- Amazon is hiring 133,000 new full-time and part-time employees in the United States and Canada.
- The coronavirus pandemic — which is forcing consumers to rely on e-commerce fulfillment — has fueled Amazon’s hiring spree.
- However, the company’s biggest confirmed workforce increase occurred between 2016 and 2017.
- That year, the e-commerce giant added 224,600 new full-time and part-time roles.
- Visit Business Insider’s homepage for more stories.
Amazon is going on a hiring spree that will push its global headcount to new heights.
The company has added 175,000 temporary positions since March and plans to add more than 133,000 employees to its ranks over the next several months. These positions are in addition to the 876,000 permanent employees that Amazon employed as of July, and could push Amazon’s global headcount — including permanent and temporary hires — up to roughly 1.2 million workers.
Amazon’s recent hiring surge has been driven by the exponential growth in online sales amid the pandemic. But before the pandemic, the company was already growing at a quip. Its permanent workforce grew a whopping 34% year-over-year, the company said in July.
In July, Amazon CEO Jeff Bezos confirmed that the company directly employed around a million people, according to MarketWatch. That number includes 1750,000 temporary seasonal workers hired during the pandemic. When it comes to Amazon’s physical footprint, the company also set to convert Ohio’s infamous dead Rolling Acres Mall to a robotics sortable facility employing 1,500 workers, according to the Beacon Journal.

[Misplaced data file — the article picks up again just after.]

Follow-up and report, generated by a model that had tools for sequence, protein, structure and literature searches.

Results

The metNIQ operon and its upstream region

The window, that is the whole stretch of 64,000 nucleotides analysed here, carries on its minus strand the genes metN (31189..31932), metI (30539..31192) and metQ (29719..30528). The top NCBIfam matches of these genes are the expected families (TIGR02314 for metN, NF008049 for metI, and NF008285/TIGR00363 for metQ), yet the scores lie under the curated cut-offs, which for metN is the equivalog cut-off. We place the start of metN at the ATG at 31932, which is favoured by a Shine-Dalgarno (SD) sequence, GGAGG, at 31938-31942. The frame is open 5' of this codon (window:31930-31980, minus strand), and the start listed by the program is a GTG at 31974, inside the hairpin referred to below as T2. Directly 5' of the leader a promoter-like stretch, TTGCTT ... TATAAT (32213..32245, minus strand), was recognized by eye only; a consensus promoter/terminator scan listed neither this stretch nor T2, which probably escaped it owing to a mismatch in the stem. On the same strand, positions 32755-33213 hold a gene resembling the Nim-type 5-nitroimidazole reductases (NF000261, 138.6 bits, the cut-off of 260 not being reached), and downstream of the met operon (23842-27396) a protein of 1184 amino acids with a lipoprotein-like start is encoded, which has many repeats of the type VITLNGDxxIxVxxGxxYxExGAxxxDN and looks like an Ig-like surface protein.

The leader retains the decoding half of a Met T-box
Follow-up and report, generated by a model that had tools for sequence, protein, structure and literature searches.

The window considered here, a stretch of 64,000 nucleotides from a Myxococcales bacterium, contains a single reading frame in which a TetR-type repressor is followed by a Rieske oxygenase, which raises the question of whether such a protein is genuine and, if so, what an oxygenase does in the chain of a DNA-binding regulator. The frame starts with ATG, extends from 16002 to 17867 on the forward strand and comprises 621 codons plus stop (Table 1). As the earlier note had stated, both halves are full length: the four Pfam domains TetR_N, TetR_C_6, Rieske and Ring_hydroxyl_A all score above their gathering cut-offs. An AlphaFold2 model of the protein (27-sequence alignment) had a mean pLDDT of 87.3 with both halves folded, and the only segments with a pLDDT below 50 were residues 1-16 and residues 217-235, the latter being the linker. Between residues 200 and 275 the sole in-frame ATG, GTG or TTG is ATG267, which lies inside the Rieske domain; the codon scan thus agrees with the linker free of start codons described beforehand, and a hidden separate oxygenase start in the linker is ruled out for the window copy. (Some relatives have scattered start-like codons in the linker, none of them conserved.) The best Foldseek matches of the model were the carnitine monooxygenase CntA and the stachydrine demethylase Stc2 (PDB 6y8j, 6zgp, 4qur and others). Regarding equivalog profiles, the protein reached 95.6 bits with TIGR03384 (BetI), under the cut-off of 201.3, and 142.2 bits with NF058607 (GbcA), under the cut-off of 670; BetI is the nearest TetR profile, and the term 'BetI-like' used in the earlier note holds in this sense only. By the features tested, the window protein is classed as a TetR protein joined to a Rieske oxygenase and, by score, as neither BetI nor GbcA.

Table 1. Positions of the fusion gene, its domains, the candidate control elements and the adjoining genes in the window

But Amazon’s recent hiring spree is not the largest confirmed increase to the company’s workforce to date. The company saw its biggest permanent workforce spike between 2016 and 2017, when 224,600 new full-time and part-time workers came onboard.
Amazon’s headcount of 876,000 full-time and part-time workers does not including seasonal employees. An Amazon spokesperson told Business Insider that the company amends its “global headcount numbers once a quarter during our earning filing,” meaning that the next update will occur in October.
Amazon has hired thousands of new employees every year since 2009. Starting in 2017, the company began hosting Amazon Job Day events around the country in order to better staff its growing fleet of warehouses. The company’s Securities Exchange Commission filings also note that Amazon does not count seasonal employees or independent contractors in its workforce estimates.
It’s unclear whether or not 2020 will prove to be Amazon’s biggest year for hiring yet, but the e-commerce giant is certainly on the way to significantly expanding its workforce once again.